September 17, 2020

In sworn testimony, D.C. National Guard Maj. Adam DeMarco told lawmakers that in the hours before law enforcement cleared out protesters at Lafayette Square on June 1, federal officials began to accumulate ammunition and crowd control technology that can make it feel like a person's skin is on fire, The Washington Post reports.

DeMarco, who testified as a whistleblower, contradicted much of the Trump administration's version of events. His testimony before the House Natural Resources Committee in July, which was collected as part of an investigation into the use of police force against protesters in D.C., was shared with the Post.

On June 1, federal law enforcement pushed anti-racism protesters out of Lafayette Square, using tear gas, stun grenades, and rubber pellets, right before President Trump walked over for a photo op in front of St. John's Episcopal Church.

The Trump administration has alleged the protesters were violent, hurling rocks and water bottles at officers and shooting firecrackers. U.S. Park Police Chief Gregory Monahan said under oath that officers used a Long Range Acoustic Device to tell protesters they had to leave, as legally required. DeMarco testified that there was no Long Range Acoustic Device on the scene, and the crowd was told to leave via handheld megaphone.

Witnesses said they never heard calls to disperse, and DeMarco said he was 30 yards away from the megaphone and could barely hear the message. "From my observation, these demonstrators — our fellow American citizens — were engaged in the peaceful expression of their First Amendment rights," he said. "Yet they were subjected to an unprovoked escalation and excessive use of force."

DeMarco was the most senior D.C. National Guard officer at Lafayette Square and served as a liaison between the National Guard and the U.S. Park Police. He also testified that he was copied on an email sent before noon on July 1 by the Defense Department's top military police officer in the area. The officer asked if the D.C. National Guard had a Long Range Acoustic Device or an Active Denial System, also known as a "heat ray."

This microwave-like weapon was developed by the military, and when the invisible rays hit a person, it feels like their skin is burning. It was made to disperse large crowds, but is not used due to ethics and safety concerns. Federal police were unable to obtain the items. Read more about DeMarco's testimony at The Washington Post. Catherine Garcia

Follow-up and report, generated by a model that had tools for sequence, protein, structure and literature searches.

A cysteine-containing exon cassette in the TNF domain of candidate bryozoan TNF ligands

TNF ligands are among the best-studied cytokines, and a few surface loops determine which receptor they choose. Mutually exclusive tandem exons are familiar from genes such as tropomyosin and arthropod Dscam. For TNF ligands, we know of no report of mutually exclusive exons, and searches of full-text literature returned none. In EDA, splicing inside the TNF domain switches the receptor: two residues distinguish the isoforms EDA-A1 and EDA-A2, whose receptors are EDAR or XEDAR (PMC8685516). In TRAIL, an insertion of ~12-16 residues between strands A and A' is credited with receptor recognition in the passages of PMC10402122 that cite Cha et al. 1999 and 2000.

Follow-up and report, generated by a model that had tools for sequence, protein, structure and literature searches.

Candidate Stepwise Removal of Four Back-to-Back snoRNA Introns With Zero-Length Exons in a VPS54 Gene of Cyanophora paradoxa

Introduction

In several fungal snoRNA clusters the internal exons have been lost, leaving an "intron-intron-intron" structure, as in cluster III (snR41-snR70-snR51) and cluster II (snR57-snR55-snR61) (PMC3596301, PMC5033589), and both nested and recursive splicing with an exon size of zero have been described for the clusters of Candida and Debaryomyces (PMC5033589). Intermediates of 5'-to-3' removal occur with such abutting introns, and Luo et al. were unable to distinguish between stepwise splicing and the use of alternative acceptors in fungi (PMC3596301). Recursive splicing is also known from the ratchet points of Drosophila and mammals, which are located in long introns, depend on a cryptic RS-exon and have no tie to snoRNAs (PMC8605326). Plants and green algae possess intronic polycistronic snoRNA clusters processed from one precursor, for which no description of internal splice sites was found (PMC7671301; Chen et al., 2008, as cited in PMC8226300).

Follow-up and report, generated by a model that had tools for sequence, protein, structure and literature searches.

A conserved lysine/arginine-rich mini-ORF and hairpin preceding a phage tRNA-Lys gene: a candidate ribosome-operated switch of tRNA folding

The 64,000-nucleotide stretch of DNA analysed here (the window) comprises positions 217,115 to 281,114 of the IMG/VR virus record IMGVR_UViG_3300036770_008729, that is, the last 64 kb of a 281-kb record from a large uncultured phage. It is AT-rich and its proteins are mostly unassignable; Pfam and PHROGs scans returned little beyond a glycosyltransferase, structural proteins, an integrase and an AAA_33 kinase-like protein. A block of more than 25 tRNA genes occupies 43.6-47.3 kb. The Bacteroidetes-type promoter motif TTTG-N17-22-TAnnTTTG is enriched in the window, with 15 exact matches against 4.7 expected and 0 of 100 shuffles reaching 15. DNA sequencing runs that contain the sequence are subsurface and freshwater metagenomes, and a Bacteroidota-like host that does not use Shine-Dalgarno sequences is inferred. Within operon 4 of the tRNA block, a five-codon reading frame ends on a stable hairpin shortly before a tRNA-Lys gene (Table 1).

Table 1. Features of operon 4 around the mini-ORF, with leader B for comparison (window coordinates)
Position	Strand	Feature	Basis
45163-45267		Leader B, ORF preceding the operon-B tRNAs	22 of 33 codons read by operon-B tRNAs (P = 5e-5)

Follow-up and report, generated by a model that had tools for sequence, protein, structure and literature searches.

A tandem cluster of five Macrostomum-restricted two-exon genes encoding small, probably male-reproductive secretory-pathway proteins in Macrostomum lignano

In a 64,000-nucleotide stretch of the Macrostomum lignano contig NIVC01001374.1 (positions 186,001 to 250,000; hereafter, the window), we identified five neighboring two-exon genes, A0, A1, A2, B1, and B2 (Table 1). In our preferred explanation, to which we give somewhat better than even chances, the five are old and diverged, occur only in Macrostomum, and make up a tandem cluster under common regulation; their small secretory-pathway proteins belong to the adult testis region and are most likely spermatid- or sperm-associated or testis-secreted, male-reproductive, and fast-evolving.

June 3, 2020

Police officers in Mount Vernon, New York, allegedly participated in a rash of misconduct, secretly recorded telephone tapes obtained by Gothamist/WNYC reveal.

In one of the secretly recorded phone conversations, a Mount Vernon police officer, John Campo, accused a colleague, Camilo Antonini, of framing innocent civilians, while apparently giving preferential treatment to favored city drug dealers. Campo also alleged officers planted drugs, illegally entered homes, and fabricated search warrants in some cases. He said he brought the concerns to two different commissioners, who referred him to the FBI, but Campo ultimately decided not to cooperate because he didn't want to wear a wire or take a polygraph test.

Another officer who was secretly recorded, Avion Lee, said there was one incident where she and her colleagues were on patrol when they approached a young man who took off running. The officers pursued him, and when Lee caught up to them, the officers had badly beaten the man. When they took him to jail, the officers allegedly concocted a story that they'd seen him participate in drug transaction, so that it didn't look like brutality. Prosecutors dropped the case against the man the next day.

The phone conservations were recorded by Marushea Bovell, a 12-year veteran of the police department in the city just north of the Bronx. Bovell has reported alleged corruption to higher-ups, including to Westchester County's District Attorney Anthony Scarpino, but "nothing happened," so he decided the "only option left is to let the public know." Read more at Gothamist. Tim O'Donnell

April 23, 2020

Attorneys for Rick Bright, the federal scientist who once led the department leading coronavirus vaccine development, said on Thursday he is filing a whistleblower complaint, alleging that he was ousted because he did not promote a drug treatment touted by President Trump.

Bright was removed on Tuesday as director of the Biomedical Advanced Research and Development Authority, and given a job at the National Institutes of Health with fewer responsibilities. Bright's lawyers said they will file formal complaints with the inspector general of the Health and Human Services Department and the federal Office of Special Counsel, which will detail "the retaliatory treatment to which he was subjected by HHS political leadership after raising appropriate science-based concerns about White House pressure on treatment and vaccines related to the COVID-19 pandemic."

The filings will also "make clear that Dr. Bright was sidelined for one reason only — because he resisted efforts to provide unfettered access to potentially dangerous drugs, including chloroquine, a drug promoted by the administration as a panacea, but which is untested and possibly deadly when used improperly. The facts and concerns raised by Dr. Bright are compelling and well-documented and soon they will be public."

Bright released a statement on Wednesday saying he believes he was removed as director after he made it known he felt "the billions of dollars allocated by Congress to address the COVID-19 pandemic" should be put "into safe and scientifically vetted solutions, and not in drugs, vaccines, and other technologies that lack scientific merit." When asked about this by reporters, Trump said he had never heard of Bright. Catherine Garcia

See More Speed Reads